A network topology diagram is a visual representation of a network’s devices, connections, and paths, allowing you to picture how devices are interconnected and how they communicate with one another. Network diagrams are typically made to represent one or all of the first three network layers (physical, data link, and network) according to the Open Systems Interconnection (OSI) model, collectively known as the media layers.
Different topologies have different impacts on performance and stability. The most common topologies are:
- Bus topology. All devices are connected by one central cable with two endpoints. It is simple and affordable, but vulnerable to downtime for the entire network with difficult troubleshooting.
- Ring topology. Devices are connected in a circular pattern. The network can run faster than in a bus topology and terminators are unnecessary, but a single failure disrupts the entire network and is hard to troubleshoot.
- Star topology. A common topology for larger networks. All data passes through a central hub which connects to all other network devices. It is reliable unless the central hub fails, but it can be expensive to set up and use.
- Mesh topology. A reliable topology where the devices are interconnected and data is transmitted by routing (sent the shortest distance) and flooding (sent to all devices). Since there can be no single point of failure, it is reliable and secure, but it’s complexity results in high costs and lengthy configuration.
- Hybrid topology. A network that is comprised of two or more topologies. Most commonly found in larger enterprises, hybrid topologies offer flexibility and scalability with the downside of often being complex, difficult to manage, and expensive.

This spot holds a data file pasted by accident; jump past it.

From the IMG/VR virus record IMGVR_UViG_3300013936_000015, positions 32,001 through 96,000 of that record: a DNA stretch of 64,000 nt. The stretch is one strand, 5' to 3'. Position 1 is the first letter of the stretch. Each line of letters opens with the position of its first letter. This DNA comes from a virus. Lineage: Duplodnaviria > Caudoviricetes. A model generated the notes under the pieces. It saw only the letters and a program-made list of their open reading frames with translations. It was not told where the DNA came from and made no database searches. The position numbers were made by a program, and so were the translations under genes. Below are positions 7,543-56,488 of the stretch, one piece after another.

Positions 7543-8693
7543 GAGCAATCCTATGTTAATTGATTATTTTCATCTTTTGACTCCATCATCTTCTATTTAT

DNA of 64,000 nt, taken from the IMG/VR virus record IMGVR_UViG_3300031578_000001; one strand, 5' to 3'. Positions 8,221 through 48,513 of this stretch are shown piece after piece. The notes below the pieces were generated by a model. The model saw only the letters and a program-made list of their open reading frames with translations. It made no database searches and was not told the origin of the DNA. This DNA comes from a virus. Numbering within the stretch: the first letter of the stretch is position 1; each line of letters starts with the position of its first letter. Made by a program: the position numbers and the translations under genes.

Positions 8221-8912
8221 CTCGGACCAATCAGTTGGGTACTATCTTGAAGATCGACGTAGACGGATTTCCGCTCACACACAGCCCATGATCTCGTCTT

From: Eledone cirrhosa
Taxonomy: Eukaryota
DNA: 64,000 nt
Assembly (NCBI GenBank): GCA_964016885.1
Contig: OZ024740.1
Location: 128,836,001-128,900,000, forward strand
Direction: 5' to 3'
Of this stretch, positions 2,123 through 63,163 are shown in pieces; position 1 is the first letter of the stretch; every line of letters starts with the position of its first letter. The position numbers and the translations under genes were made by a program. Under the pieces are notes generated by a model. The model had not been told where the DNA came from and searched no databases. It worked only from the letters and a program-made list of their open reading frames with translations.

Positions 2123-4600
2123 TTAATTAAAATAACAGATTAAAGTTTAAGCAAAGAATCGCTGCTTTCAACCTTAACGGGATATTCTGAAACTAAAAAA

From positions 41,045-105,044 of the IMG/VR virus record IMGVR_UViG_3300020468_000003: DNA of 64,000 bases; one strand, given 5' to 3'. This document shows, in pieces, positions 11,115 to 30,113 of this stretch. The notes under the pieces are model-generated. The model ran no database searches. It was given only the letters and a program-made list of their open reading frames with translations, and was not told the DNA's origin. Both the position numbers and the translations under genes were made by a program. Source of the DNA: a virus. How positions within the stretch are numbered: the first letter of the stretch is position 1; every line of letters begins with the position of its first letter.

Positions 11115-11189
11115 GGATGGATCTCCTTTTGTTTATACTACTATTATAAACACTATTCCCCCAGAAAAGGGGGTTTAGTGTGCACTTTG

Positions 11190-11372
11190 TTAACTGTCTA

Why You Need Network Topology Diagrams
Network topology diagrams are used to visually represent a network’s devices and connections, allowing you to picture how devices are devices communicate with each other.
Network diagrams help improve:
- Uptime. Accurate network documentation enables quick diagnosis in the event of network issues or planned maintenance.
- Efficiency. A real-time view of your network helps you maximize the utilization of your existing capacity and forecast when you will run out of capacity.
- Productivity. Reliable network diagrams allow you to save time troubleshooting issues and deploying new equipment so you can focus on more strategic projects.
Top Challenges of Documenting Network Topologies
Spreadsheets and drawing tools are commonly used for network documentation, but they are:
- Time-consuming. Network topology diagrams must be manually updated every time you move, add, or change equipment. Resources need to be spent on this job instead of more productive work.
- Inaccurate. When network diagrams are updated manually, human error is bound to occur. Inaccurate data can lead to costly downtime and stranded capacity.
- Difficult to manage. Poor version control results in different team members having different documentation and data. Poor data sharing and collaboration practices can wreak havoc across your organization.
Automatically Generate Complete Network Diagrams
Data Center Infrastructure Management (DCIM) software automatically renders network topology diagrams so you can visualize your entire network in a single pane of glass.
You can filter by types of equipment, click any node to highlight connections to other nodes, see details of assets and connections, edit the layout, and drill down to see circuit trace diagrams. You can even view a tiered layout where the devices are organize by core network, distribution network, and access network.
Automatic network diagrams greatly decrease the time spent troubleshooting and performing impact analysis. Modern DCIM tools make it easy to visualize what's connected to what, across both active and passive (i.e., patch panels and structured cabling), and across all sites.
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